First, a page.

18. Nonequilibrium thermodynamic models and applications to hydrogen plasma

    International Nuclear Information System (INIS)

    Cho, K.Y.

    1988-01-01

    A generalized multithermal equilibrium (GMTE) thermodynamic model is developed and presented with applications to hydrogen. A new chemical equilibrium equation for GMTE is obtained without the ensemble temperature concept, used by a previous MTE model. The effects of the GMTE model on the derivation and calculation of the thermodynamic, transport, and radiative properties are presented and significant differences from local thermal equilibrium (LTE) and two temperature model are discussed. When the electron translational temperature (T e ) is higher than the translational temperature of the heavy particles, the effects of hydrogen molecular species to the properties are significant at high T e compared with LTE results. The density variations of minor species are orders of magnitude with kinetic nonequilibrium at a constant electron temperature. A collisional-radiative model is also developed with the GMTE chemical equilibrium equation to study the effects of radiative transfer and the ambipolar diffusion on the population distribution of the excited atoms. The nonlocal radiative transfer effect is parameterized by an absorption factor, which is defined as a ratio of the absorbed intensity to the spontaneous emission coefficient

  19. MAGNETIC RECONNECTION IN NON-EQUILIBRIUM IONIZATION PLASMA

    International Nuclear Information System (INIS)

    Imada, S.; Shimizu, T.; Murakami, I.; Watanabe, T.; Hara, H.

    2011-01-01

    We have studied the effect of time-dependent ionization and the recombination processes on magnetic reconnection in the solar corona. Petschek-type steady reconnection, in which the magnetic energy is mainly converted at the slow-mode shocks, was assumed. We carried out the time-dependent ionization calculation in the magnetic reconnection structure. We only calculated the transient ionization of iron; the other species were assumed to be in ionization equilibrium. The intensity of line emissions at specific wavelengths was also calculated for comparison with Hinode or other observations in future. We found the following: (1) iron is mostly in non-equilibrium ionization in the reconnection region; (2) the intensity of line emission estimated by the time-dependent ionization calculation is significantly different from that determined from the ionization equilibrium assumption; (3) the effect of time-dependent ionization is sensitive to the electron density in the case where the electron density is less than 10 10 cm –3 ; (4) the effect of thermal conduction lessens the time-dependent ionization effect; and (5) the effect of radiative cooling is negligibly small even if we take into account time-dependent ionization.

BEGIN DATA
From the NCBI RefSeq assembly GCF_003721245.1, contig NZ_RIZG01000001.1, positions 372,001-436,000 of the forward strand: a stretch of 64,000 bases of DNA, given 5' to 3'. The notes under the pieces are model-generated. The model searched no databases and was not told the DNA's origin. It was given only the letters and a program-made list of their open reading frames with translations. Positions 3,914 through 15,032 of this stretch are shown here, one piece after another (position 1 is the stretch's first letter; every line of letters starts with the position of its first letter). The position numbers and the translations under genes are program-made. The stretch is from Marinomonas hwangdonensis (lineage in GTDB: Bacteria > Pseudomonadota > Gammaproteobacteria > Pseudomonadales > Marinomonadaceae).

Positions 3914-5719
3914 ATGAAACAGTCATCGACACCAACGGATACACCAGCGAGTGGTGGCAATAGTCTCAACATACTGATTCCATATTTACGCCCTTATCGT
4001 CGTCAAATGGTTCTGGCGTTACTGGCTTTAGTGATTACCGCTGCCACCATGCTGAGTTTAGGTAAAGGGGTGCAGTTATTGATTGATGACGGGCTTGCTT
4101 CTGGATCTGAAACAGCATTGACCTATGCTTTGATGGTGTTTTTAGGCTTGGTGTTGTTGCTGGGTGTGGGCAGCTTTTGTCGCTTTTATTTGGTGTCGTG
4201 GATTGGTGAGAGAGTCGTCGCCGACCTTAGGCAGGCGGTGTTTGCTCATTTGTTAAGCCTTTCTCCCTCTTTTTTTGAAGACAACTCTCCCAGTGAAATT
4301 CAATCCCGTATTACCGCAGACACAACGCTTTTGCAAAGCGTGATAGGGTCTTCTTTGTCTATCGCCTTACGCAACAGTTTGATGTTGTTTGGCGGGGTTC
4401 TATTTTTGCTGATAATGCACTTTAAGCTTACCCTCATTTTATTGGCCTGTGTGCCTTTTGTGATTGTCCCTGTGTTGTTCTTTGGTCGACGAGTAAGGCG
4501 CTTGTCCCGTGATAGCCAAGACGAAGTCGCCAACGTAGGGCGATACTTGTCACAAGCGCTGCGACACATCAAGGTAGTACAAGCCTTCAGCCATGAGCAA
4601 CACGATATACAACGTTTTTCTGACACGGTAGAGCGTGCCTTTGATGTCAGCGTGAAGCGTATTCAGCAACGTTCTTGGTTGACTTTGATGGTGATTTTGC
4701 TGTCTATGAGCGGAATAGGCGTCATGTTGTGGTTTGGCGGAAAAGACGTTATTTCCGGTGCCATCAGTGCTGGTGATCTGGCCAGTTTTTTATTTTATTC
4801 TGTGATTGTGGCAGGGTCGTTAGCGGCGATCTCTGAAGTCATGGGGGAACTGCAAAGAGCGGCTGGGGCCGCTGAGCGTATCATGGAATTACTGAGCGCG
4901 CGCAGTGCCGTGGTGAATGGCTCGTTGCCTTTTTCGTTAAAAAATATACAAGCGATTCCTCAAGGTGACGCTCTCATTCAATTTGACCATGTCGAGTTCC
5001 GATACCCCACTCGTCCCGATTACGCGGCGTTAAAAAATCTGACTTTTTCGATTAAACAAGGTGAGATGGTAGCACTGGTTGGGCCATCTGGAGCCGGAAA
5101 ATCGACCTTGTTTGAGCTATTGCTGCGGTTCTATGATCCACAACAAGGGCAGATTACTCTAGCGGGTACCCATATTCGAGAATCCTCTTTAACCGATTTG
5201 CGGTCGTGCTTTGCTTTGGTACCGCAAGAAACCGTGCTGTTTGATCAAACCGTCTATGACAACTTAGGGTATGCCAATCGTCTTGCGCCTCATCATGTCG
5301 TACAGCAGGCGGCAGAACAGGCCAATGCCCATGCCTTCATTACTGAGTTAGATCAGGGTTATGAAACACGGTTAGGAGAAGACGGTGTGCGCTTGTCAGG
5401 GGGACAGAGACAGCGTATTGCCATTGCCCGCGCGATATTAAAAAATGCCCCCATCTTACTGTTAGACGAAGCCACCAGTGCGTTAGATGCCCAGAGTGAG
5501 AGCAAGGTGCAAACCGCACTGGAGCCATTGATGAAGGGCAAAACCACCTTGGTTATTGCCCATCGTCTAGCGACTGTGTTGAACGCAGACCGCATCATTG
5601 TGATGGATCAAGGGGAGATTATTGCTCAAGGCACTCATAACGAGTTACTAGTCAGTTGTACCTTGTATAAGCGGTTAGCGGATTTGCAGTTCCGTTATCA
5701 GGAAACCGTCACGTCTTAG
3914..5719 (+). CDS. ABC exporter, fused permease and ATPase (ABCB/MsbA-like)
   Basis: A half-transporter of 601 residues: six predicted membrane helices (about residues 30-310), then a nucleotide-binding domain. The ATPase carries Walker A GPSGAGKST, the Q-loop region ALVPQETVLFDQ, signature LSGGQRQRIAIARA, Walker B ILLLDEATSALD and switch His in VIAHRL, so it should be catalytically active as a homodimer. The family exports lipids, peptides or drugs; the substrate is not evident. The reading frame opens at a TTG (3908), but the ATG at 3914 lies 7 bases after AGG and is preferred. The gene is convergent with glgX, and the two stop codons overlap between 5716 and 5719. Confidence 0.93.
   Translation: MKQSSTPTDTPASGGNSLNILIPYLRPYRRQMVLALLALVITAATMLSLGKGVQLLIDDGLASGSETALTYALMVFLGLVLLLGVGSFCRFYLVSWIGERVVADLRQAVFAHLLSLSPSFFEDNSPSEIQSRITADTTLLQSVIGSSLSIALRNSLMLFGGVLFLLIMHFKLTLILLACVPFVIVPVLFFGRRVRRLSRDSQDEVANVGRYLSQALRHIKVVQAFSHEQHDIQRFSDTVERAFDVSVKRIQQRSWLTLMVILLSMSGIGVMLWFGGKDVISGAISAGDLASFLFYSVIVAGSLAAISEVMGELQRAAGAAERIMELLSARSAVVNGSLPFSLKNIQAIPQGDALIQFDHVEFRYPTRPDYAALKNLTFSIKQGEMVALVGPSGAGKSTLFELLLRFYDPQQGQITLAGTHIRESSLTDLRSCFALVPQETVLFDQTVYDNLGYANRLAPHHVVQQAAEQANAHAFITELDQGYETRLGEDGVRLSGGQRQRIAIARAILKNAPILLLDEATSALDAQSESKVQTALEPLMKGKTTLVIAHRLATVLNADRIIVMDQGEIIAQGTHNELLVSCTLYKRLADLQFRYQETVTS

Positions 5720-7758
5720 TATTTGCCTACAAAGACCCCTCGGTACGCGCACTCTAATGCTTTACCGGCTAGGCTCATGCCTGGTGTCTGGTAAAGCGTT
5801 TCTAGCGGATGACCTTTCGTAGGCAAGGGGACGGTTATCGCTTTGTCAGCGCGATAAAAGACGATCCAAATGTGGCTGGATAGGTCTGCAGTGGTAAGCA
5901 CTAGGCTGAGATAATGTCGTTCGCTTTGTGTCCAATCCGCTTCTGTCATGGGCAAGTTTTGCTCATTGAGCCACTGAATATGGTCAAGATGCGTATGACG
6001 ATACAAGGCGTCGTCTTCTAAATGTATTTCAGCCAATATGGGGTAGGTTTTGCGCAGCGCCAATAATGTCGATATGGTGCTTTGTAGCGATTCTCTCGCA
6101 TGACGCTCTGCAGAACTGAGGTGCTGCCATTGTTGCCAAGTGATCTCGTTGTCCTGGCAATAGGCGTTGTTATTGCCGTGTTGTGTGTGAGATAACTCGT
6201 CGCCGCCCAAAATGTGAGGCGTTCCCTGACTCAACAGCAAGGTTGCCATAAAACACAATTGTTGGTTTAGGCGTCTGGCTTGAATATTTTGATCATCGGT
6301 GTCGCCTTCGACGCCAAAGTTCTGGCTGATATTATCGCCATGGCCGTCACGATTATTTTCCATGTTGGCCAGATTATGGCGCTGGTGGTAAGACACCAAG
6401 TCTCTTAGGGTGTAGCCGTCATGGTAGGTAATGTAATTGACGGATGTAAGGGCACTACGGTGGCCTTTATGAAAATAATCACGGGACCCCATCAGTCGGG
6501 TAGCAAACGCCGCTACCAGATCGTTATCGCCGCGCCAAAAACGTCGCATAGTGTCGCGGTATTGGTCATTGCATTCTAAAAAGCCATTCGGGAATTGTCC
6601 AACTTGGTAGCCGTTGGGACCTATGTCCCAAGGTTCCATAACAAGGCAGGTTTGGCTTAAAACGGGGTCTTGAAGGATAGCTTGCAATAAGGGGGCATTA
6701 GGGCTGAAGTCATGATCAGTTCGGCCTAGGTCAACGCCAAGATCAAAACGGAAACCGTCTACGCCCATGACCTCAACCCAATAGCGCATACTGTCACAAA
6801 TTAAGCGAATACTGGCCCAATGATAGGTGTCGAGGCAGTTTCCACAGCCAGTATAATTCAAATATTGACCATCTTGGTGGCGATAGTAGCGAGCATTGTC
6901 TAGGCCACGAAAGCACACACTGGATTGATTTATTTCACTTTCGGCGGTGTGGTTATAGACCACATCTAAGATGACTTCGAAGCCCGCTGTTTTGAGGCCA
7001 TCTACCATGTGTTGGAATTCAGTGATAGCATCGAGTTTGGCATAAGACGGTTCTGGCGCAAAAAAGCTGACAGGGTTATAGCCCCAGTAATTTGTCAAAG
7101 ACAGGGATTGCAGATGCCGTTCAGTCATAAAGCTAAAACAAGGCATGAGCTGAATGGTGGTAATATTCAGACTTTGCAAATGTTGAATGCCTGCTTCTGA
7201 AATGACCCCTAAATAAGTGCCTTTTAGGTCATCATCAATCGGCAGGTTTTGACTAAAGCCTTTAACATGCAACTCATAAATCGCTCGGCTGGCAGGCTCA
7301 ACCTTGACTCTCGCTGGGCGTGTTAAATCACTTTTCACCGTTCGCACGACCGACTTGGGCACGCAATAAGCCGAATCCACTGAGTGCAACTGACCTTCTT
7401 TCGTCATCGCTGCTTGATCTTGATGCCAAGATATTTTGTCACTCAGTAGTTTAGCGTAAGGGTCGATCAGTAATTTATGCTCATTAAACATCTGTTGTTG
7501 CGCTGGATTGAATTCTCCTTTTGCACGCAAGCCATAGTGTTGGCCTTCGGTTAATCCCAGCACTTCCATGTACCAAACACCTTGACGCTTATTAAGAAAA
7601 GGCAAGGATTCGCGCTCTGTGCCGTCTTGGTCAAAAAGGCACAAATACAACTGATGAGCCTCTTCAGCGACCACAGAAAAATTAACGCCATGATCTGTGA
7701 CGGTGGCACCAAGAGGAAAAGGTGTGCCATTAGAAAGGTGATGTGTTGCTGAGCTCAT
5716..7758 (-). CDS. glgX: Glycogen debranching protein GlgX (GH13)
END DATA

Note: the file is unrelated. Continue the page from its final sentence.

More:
20. First principles modeling of hydrocarbons conversion in non-equilibrium plasma

    Energy Technology Data Exchange (ETDEWEB)

    Deminsky, M.A.; Strelkova, M.I.; Durov, S.G.; Jivotov, V.K.; Rusanov, V.D.; Potapkin, B.V. [Russian Research Centre Kurchatov Inst., Moscow (Russian Federation)

    2001-07-01

    Theoretical justification of catalytic activity of non-equilibrium plasma in hydrocarbons conversion process is presented in this paper. The detailed model of highest hydrocarbons conversion includes the gas-phase reactions, chemistry of the growth of polycyclic aromatic hydrocarbons (PAHs), precursor of soot particles formation, neutral, charged clusters and soot particle formation, ion-molecular gas-phase and heterogeneous chemistry. The results of theoretical analysis are compared with experimental results. (authors)

  1. Atmospheric-pressure plasma jet

    Science.gov (United States)

    Selwyn, Gary S.

    1999-01-01

    Atmospheric-pressure plasma jet. A .gamma.-mode, resonant-cavity plasma discharge that can be operated at atmospheric pressure and near room temperature using 13.56 MHz rf power is described. Unlike plasma torches, the discharge produces a gas-phase effluent no hotter than 250.degree. C. at an applied power of about 300 W, and shows distinct non-thermal characteristics. In the simplest design, two concentric cylindrical electrodes are employed to generate a plasma in the annular region therebetween. A "jet" of long-lived metastable and reactive species that are capable of rapidly cleaning or etching metals and other materials is generated which extends up to 8 in. beyond the open end of the electrodes. Films and coatings may also be removed by these species. Arcing is prevented in the apparatus by using gas mixtures containing He, which limits ionization, by using high flow velocities, and by properly shaping the rf-powered electrode. Because of the atmospheric pressure operation, no ions survive for a sufficiently long distance beyond the active plasma discharge to bombard a workpiece, unlike low-pressure plasma sources and conventional plasma processing methods.

  2. Kinetic Study of Nonequilibrium Plasma-Assisted Methane Steam Reforming

    Directory of Open Access Journals (Sweden)

    Hongtao Zheng

    2014-01-01

    Full Text Available To develop a detailed reaction mechanism for plasma-assisted methane steam reforming, a comprehensive numerical and experimental study of effect laws on methane conversion and products yield is performed at different steam to methane molar ratio (S/C, residence time s, and reaction temperatures. A CHEMKIN-PRO software with sensitivity analysis module and path flux analysis module was used for simulations. A set of comparisons show that the developed reaction mechanism can accurately predict methane conversion and the trend of products yield in different operating conditions. Using the developed reaction mechanism in plasma-assisted kinetic model, the reaction path flux analysis was carried out. The result shows that CH3 recombination is the limiting reaction for CO production and O is the critical species for CO production. Adding 40 wt.% Ni/SiO2 in discharge region has significantly promoted the yield of H2, CO, or CO2 in dielectric packed bed (DPB reactor. Plasma catalytic hybrid reforming experiment verifies the reaction path flux analysis tentatively.